August 6, 2009

Introducing FirstBricks

I like application blocks. In almost every project you need basic, application-block stuff like a logger, a cache, some structured exception handling and a dependency container.
And how nice, all of these things are out there ready to use – Microsoft Enterprise Library, Castle Windsor, log4net, Spring.NET, …
Except that I see too many examples (at work and other places) of developers not utilizing these goodies. And I hear some typical reasons:

  • Don’t have time to look through the offerings and choose the right application block / application block framework
  • Don’t have time to master the complex XML configuration needed to start using an application block
  • Disagreements over choice of quite similar alternatives (especially with loggers and IoC containers)
  • NIH! (Not Invented Here, so we roll our own)

I’m trying to meet these challenges by creating a framework called FirstBricks. FirstBricks is a thin wrapper-framework around existing application blocks. It has 4 core goals:
  1. Ease of use. You should be able to start using an application block with 2 lines of code and no config file mess. In other words it hides/encapsulates complex configuration until you really need (if ever).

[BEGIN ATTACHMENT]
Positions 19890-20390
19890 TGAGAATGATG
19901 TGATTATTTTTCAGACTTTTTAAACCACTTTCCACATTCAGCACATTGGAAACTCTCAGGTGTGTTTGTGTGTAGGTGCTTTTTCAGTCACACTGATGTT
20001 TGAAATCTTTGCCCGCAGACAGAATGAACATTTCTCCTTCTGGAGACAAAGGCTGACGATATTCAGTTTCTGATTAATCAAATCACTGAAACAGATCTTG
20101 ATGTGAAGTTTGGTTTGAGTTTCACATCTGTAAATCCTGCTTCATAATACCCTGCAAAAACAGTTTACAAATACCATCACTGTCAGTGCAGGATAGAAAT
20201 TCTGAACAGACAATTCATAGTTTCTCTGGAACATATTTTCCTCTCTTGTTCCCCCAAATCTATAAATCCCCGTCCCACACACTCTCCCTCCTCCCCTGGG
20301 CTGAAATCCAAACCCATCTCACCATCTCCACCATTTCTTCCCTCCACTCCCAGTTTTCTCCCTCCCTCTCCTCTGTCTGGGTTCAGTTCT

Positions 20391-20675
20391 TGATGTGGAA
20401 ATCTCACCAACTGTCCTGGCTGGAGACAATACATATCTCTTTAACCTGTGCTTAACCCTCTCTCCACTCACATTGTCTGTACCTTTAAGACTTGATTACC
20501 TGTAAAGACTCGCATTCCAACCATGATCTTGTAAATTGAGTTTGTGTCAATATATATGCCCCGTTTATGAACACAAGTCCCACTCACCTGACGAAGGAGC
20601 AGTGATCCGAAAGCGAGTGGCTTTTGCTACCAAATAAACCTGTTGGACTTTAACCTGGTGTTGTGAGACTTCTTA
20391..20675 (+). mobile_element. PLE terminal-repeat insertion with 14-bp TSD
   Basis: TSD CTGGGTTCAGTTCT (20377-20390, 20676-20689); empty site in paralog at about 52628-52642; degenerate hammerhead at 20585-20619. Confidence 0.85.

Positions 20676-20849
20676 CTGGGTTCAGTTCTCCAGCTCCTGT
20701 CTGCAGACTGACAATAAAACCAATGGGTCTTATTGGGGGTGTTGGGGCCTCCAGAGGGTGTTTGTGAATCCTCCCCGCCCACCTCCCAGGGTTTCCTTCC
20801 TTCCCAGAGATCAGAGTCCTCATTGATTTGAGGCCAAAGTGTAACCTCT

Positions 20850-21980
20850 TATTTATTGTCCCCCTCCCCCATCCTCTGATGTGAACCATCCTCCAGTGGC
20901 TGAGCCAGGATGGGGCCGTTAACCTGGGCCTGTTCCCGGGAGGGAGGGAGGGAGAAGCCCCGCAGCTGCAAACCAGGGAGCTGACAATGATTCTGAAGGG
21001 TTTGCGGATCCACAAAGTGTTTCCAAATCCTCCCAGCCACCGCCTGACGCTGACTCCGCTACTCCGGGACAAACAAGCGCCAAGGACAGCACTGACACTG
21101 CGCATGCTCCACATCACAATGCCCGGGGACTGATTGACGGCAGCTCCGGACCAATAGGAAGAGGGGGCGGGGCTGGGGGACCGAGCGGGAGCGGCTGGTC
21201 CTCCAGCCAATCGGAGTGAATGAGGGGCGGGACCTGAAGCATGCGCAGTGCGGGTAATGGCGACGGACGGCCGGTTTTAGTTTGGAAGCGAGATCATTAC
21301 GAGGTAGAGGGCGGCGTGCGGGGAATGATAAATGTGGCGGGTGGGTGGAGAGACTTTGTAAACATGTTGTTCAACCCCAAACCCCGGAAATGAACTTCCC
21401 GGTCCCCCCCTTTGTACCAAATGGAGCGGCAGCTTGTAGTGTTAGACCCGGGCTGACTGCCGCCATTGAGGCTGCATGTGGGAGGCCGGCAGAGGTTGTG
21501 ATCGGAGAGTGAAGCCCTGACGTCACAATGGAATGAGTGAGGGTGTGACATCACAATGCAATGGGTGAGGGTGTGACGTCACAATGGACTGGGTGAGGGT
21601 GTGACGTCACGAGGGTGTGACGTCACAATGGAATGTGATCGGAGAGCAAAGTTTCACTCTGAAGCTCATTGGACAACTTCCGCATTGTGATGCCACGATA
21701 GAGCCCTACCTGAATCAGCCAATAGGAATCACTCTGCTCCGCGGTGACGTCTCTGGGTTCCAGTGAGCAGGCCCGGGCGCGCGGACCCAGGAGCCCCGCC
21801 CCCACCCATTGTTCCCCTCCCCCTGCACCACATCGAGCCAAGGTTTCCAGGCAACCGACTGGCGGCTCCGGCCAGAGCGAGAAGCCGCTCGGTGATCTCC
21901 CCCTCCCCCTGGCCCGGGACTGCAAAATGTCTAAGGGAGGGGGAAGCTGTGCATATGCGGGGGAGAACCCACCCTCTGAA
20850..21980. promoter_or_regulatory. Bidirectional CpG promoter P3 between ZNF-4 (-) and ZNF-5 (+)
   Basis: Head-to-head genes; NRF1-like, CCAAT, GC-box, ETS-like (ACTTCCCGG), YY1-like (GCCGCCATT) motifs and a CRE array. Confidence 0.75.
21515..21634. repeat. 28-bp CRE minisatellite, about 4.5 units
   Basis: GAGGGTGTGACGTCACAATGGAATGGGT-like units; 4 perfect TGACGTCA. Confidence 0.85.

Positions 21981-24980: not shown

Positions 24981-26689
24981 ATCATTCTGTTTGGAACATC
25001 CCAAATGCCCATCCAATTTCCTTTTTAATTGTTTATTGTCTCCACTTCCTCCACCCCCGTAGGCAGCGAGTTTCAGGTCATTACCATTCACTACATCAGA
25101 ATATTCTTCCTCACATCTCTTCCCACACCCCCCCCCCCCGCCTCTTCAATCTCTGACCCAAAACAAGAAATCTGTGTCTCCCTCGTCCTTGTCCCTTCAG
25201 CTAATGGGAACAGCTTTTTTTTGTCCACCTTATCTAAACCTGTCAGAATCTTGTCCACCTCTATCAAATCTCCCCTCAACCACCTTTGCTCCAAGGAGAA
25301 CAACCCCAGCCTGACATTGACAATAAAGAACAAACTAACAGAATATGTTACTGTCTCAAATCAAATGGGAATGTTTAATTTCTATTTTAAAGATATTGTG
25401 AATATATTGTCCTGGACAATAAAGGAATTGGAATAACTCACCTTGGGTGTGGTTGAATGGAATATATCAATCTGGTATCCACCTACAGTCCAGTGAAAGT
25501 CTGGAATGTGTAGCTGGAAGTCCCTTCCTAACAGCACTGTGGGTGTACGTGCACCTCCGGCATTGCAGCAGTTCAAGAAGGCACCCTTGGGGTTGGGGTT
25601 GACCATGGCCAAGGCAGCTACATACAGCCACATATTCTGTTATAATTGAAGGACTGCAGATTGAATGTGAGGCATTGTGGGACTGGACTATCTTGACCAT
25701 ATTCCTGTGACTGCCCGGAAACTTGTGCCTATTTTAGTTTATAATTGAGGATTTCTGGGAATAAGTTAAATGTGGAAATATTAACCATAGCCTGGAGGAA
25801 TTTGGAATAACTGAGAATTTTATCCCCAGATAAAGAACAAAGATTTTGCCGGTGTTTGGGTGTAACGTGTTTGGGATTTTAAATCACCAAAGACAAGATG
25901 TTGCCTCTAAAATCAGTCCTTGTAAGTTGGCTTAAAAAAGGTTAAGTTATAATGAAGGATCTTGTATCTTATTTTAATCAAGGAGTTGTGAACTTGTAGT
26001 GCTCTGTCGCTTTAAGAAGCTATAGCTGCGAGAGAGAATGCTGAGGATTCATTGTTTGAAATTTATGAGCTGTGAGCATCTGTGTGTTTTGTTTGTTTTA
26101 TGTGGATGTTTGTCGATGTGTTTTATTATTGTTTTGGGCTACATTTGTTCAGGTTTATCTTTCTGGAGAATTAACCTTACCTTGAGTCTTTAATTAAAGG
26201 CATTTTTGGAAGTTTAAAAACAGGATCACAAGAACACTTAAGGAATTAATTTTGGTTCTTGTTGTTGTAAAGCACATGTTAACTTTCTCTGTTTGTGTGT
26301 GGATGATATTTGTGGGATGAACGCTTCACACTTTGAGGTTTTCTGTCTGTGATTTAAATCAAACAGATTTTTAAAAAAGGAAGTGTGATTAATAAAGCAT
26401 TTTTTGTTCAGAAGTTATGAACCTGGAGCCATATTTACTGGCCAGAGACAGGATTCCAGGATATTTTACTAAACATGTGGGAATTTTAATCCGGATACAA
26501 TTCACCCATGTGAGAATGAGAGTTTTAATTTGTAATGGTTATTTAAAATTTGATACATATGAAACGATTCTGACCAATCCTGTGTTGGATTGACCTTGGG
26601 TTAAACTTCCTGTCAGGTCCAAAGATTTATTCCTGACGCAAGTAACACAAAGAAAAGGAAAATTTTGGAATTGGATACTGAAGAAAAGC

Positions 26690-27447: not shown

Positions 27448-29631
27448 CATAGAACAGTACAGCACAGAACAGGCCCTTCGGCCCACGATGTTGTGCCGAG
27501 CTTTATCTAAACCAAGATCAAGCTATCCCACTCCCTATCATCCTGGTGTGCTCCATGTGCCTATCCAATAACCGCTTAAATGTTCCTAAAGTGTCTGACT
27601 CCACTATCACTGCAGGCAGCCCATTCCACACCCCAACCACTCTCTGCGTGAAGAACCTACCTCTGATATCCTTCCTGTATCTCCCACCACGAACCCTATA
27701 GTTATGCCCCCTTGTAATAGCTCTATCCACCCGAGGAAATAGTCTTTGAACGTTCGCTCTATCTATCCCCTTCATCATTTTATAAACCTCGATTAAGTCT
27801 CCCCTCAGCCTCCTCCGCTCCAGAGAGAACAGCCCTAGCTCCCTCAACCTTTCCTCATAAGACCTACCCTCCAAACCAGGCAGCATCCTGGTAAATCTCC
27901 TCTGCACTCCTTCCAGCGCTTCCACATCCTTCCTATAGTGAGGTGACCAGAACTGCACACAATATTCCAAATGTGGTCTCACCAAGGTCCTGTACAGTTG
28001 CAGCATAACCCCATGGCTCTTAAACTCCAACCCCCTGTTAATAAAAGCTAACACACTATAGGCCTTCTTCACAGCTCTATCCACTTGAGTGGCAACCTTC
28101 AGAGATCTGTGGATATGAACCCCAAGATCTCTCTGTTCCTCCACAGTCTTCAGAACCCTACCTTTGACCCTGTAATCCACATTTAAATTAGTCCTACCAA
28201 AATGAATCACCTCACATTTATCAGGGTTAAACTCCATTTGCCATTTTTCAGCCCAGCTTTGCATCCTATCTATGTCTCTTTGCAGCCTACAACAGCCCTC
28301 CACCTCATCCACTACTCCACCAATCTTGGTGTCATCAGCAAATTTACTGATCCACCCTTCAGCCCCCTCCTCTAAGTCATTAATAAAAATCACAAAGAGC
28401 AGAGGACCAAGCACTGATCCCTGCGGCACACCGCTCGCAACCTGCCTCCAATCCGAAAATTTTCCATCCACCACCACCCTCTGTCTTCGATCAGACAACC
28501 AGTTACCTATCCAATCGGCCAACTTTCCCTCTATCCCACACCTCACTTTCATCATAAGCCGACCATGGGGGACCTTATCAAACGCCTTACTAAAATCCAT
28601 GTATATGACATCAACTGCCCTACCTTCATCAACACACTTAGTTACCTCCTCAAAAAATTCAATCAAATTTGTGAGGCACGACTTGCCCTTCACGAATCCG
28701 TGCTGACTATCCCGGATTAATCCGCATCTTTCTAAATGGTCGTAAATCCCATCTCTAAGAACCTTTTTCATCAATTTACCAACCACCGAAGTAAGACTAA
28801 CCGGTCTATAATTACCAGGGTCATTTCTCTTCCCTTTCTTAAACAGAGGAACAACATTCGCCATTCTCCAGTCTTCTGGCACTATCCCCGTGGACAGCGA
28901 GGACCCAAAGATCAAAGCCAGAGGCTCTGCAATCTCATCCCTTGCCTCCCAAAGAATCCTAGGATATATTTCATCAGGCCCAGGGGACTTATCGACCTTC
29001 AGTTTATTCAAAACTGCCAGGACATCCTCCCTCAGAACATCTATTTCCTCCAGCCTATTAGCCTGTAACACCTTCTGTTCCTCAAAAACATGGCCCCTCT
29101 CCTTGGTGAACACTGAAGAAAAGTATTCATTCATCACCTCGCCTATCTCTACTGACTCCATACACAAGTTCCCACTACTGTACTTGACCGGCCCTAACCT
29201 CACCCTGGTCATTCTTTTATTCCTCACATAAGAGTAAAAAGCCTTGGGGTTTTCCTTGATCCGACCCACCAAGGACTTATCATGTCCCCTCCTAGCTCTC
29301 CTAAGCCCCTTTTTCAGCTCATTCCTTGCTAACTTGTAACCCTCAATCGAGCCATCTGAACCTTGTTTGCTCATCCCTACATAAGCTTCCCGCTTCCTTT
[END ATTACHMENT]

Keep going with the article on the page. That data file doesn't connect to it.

2. Abstractions. You don’t work against a specific application block implementation, you work against an abstraction. So for example, you log using an ILog, but you don’t need to care whether it is an EntLib logger, log4net or a test logger. And you can change the implementation any time using the dependency container.
  3. Extensibility. You should not need to modify the source if this framework. But you can extend it with your own application block implementations, configurators and even new abstractions. For example, this first version of FirstBricks has ist abstractions flavoured by the MS Enterprise Library as I know this best. If you don’t like that, you can create a new abstraction and still use the structure and consitency of the framework.
  4. Consistency. Every application block wrapping is done the same way, configuration is accessed the same way and so on.
Currently the FirstBricks provides dependency injection, logging, caching and exception handling, and ships with implementations build on top of the Microsoft Enterprise Library 4.1. We use it at my work in a few projects, and now it has gone open source to hopefully get some feedback and momentum.
Here is an example of FirstBricks in use. In this case we want to use just logging. To set things up:

// Tell FirstBricks to use the Enterprise Library implementations of it's application blocks.

// Set up logging to a file

And to log, simply use a line like this anywhere in your application:

Log.Write("Something to log");

Take a look, try it out and don’t hesitate to give me feedback.

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